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Triad Region: Time Warner Cable Introduces Road Runner Mobile WiMax on December 1st

Phillip Dampier October 14, 2009 TWC (see Charter), Wireless Broadband 8 Comments

Carol Hevey, executive vice president of operations for TWC’s Carolinas region.

Carol Hevey, executive vice president of operations for TWC’s Carolinas region.

Stop the Cap!‘s strong readership in the Triad region of North Carolina comes from their experience with Time Warner Cable’s Internet Overcharging experiment this past April.  For residents in greater Greensboro and surrounding communities, now you get a chance to be pioneers of a different sort.

Time Warner Cable today announced Greensboro, Raleigh, and Charlotte, all in North Carolina, among the first in the nation able to purchase Road Runner Mobile, a new 4G wireless mobile broadband service designed to accompany your existing Road Runner subscription.

On December 1st, Time Warner Cable customers can sign up for the service, providing speeds up to 6Mbps, starting at $34.95 per month, if you are on a Price Lock Guarantee (a service commitment requiring you to remain with Time Warner Cable in return for service discounts) and subscribe to a bundle of services.  That low priced option has a usage allowance of 2 gigabytes per month.

Time Warner Cable's Carolinas region service area

Time Warner Cable's Carolinas region service area

“With Time Warner Cable’s 4G Mobile Network, we now offer the fastest mobile service available and extend our reach outside the home.” said Carol Hevey, Executive Vice President of the Carolina Region for Time Warner Cable.  “Giving our customers the convenience of mobility and the speed of 4G, Road Runner Mobile lets customers take their favorite Internet service wherever they go.  This is an important part of our strategy to give our customers any content, on any device, anytime, anywhere.”

Time Warner Cable is using the Clearwire WiMax network to provide the service, a benefit it gained along with Comcast when they became part-owners of the Sprint-Clearwire venture.

Pricing will vary depending on the level of service customers need:

  • Road Runner Mobile 4G National Elite gives unlimited access to both Time Warner Cable’s 4G Mobile Network and a national 3G network (Sprint, presumably), for use when traveling.
    o $79.95 per month for Road Runner Standard or Turbo customers.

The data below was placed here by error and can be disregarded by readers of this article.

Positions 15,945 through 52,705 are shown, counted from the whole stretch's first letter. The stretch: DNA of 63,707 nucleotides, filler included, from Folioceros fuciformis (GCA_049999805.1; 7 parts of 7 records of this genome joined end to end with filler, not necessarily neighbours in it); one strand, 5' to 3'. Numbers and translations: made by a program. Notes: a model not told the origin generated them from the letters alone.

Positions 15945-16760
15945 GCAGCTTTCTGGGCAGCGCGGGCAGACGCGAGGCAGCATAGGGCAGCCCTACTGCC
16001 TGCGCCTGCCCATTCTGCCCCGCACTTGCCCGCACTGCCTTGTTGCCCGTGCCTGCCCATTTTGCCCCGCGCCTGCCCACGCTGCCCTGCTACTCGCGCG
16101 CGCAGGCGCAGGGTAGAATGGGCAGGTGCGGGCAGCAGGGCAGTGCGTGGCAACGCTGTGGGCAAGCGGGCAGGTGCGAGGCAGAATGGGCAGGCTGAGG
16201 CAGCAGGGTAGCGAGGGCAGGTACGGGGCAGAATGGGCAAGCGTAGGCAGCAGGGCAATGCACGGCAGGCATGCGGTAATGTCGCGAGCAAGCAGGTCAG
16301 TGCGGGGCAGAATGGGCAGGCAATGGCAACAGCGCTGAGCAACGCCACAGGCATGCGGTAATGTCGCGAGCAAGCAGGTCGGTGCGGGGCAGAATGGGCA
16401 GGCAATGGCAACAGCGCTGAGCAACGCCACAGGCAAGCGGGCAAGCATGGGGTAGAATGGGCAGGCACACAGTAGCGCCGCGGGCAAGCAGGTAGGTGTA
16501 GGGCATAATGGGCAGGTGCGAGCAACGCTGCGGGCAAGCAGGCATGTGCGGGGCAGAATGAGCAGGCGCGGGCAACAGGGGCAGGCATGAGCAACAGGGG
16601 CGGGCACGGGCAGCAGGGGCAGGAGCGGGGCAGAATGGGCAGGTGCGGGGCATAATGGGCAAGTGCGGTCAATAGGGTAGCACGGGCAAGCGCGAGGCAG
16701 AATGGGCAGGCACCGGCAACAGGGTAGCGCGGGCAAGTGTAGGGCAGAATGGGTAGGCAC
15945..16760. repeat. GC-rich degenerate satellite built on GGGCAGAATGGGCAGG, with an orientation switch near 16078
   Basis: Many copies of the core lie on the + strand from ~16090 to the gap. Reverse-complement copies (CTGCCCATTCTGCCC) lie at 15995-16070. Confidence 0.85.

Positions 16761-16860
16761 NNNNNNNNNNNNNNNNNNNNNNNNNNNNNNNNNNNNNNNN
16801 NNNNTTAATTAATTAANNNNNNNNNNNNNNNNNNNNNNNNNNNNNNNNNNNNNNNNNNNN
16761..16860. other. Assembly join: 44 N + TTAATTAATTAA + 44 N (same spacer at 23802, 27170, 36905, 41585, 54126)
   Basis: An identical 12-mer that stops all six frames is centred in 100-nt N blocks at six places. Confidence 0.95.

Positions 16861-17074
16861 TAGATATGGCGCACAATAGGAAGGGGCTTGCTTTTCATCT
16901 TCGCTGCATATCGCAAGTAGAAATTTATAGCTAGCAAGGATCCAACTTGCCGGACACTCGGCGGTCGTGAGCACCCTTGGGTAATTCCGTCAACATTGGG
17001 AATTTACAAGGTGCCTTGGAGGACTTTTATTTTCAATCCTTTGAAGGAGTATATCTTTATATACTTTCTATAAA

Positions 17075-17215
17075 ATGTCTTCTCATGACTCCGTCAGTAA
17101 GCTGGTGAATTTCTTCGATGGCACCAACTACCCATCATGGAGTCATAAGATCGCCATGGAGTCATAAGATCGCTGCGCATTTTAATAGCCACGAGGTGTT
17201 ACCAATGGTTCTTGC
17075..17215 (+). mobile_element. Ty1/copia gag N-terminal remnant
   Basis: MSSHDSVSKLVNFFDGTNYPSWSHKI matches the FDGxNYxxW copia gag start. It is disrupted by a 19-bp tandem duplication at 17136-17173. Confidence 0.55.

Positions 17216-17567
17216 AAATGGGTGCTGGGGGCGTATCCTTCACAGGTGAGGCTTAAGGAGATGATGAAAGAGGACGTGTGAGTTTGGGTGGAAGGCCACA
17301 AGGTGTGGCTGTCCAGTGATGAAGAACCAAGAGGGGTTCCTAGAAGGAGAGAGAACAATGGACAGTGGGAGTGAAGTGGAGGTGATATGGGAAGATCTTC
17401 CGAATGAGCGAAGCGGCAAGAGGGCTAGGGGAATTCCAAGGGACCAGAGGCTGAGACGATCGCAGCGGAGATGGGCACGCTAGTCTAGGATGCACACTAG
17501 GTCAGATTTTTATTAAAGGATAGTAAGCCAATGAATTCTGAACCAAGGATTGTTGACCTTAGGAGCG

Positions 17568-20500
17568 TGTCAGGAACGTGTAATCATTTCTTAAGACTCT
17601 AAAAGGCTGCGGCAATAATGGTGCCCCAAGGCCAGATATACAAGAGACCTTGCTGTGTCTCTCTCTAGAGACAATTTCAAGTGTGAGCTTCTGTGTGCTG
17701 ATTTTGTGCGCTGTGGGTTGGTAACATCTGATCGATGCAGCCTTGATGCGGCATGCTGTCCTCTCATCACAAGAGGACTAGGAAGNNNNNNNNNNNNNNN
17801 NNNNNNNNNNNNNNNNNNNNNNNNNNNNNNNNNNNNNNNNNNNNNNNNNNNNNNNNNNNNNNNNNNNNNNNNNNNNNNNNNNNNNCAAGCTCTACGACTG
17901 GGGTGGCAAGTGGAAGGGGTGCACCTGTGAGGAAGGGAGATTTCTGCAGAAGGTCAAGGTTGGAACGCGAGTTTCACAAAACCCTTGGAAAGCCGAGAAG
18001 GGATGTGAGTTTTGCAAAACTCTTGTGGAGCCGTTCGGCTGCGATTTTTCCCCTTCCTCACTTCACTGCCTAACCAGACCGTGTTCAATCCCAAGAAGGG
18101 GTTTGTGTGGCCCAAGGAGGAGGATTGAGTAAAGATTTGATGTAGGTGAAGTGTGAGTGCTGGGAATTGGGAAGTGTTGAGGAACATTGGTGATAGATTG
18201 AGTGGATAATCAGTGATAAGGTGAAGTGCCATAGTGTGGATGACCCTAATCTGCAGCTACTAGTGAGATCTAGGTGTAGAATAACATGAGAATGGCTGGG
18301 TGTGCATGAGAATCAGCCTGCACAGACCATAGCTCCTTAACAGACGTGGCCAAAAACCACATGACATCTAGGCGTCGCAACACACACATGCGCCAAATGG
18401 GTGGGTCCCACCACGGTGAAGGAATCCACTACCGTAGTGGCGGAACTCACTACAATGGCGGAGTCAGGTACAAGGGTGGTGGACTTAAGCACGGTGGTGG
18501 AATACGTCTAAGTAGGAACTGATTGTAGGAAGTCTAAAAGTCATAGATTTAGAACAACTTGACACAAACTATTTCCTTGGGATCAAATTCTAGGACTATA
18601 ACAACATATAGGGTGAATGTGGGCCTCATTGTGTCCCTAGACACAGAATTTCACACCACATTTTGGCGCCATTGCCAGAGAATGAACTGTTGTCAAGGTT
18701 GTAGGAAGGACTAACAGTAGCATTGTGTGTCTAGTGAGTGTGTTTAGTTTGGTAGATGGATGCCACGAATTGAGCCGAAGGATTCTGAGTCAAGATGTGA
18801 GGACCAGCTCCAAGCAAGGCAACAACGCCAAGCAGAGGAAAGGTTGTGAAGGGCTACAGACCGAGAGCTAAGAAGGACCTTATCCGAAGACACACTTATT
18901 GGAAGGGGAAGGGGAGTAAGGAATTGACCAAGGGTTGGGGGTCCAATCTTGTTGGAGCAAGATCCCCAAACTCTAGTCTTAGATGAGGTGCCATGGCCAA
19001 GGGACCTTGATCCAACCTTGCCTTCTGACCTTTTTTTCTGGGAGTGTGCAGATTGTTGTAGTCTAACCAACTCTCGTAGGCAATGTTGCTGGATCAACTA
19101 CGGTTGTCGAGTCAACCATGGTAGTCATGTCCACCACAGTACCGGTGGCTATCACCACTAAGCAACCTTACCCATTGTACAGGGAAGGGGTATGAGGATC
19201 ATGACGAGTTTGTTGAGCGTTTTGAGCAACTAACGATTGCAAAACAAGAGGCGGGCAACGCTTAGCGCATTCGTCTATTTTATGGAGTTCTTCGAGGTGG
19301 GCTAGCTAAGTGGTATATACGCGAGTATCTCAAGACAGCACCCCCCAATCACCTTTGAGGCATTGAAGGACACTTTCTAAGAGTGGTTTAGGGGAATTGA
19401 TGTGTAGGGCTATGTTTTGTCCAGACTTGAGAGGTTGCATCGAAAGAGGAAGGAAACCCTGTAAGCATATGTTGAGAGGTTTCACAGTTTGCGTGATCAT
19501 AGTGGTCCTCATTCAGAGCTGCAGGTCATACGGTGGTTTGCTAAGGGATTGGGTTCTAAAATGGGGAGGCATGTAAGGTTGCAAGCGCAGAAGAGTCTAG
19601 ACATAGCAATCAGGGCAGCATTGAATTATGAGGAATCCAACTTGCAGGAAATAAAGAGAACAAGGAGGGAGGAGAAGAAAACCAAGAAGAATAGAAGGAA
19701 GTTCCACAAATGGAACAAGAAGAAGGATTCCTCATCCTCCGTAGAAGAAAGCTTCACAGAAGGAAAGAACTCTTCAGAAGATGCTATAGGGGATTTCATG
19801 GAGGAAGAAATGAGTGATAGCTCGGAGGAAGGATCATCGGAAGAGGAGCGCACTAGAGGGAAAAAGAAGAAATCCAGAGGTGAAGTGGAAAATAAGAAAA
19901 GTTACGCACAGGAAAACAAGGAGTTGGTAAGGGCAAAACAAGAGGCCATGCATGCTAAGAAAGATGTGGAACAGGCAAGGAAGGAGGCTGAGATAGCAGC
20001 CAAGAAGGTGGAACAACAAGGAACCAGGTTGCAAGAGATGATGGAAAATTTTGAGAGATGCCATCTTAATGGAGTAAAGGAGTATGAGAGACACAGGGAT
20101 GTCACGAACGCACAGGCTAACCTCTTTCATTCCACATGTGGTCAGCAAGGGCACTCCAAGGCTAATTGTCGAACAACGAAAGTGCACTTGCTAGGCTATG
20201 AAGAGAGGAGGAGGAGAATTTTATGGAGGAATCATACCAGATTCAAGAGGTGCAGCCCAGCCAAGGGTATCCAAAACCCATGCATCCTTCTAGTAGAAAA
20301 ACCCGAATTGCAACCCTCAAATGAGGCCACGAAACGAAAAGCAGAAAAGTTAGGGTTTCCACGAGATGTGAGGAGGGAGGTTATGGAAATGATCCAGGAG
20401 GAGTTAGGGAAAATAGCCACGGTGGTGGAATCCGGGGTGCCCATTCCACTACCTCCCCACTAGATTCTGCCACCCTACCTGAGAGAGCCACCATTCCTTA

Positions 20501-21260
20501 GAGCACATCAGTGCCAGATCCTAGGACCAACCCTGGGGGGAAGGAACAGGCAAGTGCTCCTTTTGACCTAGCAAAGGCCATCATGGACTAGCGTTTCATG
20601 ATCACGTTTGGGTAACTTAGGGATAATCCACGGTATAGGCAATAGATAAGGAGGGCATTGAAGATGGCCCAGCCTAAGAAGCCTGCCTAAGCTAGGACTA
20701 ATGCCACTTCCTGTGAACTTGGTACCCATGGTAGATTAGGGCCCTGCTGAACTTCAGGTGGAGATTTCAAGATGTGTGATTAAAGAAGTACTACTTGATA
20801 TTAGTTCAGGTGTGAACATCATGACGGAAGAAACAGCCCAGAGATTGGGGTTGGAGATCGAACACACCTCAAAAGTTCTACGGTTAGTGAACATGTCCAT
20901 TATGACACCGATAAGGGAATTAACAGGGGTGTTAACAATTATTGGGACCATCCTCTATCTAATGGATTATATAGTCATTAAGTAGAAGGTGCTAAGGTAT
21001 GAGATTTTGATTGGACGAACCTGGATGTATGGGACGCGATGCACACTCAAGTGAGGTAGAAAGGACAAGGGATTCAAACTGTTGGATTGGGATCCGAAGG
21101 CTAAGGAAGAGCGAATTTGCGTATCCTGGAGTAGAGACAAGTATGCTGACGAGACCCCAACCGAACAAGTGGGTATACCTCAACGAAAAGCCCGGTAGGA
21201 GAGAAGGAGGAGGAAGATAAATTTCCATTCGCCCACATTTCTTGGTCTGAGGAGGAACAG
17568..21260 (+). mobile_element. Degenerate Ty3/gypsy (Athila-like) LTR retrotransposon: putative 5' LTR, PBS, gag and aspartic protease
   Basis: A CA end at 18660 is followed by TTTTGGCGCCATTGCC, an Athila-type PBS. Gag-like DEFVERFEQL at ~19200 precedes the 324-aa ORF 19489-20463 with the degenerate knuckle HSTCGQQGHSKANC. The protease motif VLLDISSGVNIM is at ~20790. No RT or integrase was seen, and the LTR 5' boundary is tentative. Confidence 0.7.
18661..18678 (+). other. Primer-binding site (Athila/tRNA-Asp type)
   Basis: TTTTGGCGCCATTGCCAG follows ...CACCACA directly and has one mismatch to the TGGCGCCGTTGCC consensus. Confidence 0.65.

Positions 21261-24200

o Further discounts for Double and Triple play customers and those on a Price Lock Guarantee.
  • Road Runner Mobile 4G Elite gives customers unlimited access to the Time Warner Cable 4G Mobile Network.
    o $49.95 per month for Road Runner Standard or Turbo customers.
    o Further discounts for Double and Triple play customers and those on a Price Lock Guarantee.
  • Road Runner Mobile 4G Choice gives light users 2GB of service on the Time Warner Cable 4G network each month.
    o Available for $39.95 per month to customers of at least one other Time Warner Cable service.  Additional $5 off if you have a Price Lock Guarantee and bundled service package.

Time Warner Cable plans to launch additional mobile services to customers in the future such as the ability to program a DVR from a mobile device and the ability to take their video content with them on the go.  Time Warner Cable will be expanding its 4G Mobile network to additional service areas over the next few months including Dallas, TX and Honolulu and Maui, HI.

Customer experiences with the Clearwire network have been decidedly mixed.  In Portland, uneven signal coverage has plagued service and fueled customer returns.  In Greensboro, some who have tested the Clearwire-branded version of the service report earlier speeds close to 5Mbps that have since slowed to below 2Mbps.

As with any wireless mobile service, inquire about trial options and cancellation policies before signing any contract.  Consumers should always verify service is available to them at tolerable speeds before committing to any contract.

Currently there are 8 comments on this Article:

  1. Jeff says:

    Doesn’t seem like a good deal, we’ll likely stickto Clearwire at work I think.

  2. BrionS says:

    Wow, 2GB! They really splurged on that one by doubling what anyone would ever want to use.

    Oh, and 640Kb is more than enough RAM for anyone. Plus, no one will ever want a computer in their home because they’re as big as a washer now and will only double in size as time goes on.

    …perhaps you can see where I’m going with this…

  3. Ron Dafoe says:

    As long as they offer an unlimited plan with no hidden monthly usage allowances, I am all for it. That way the light usage people can “save money” with the $40 plan and the heavy usage people can get what they want as well.

    • Of course, I’ll bet “unlimited” turns out to be 5GB. 🙂 It’s amazing how universal “unlimited” is in wireless broadband.

      I was contemplating giving Cricket a shot for some occasional on-the-go broadband, because it’s more affordable than this. Almost pulled the trigger until the USB modem I noted wasn’t “free after rebate” any longer (the bulkier one still is). I’ll wait awhile and see how things develop. Since they throw in the first month for free, it’s not a high dollar risk to give it a shot.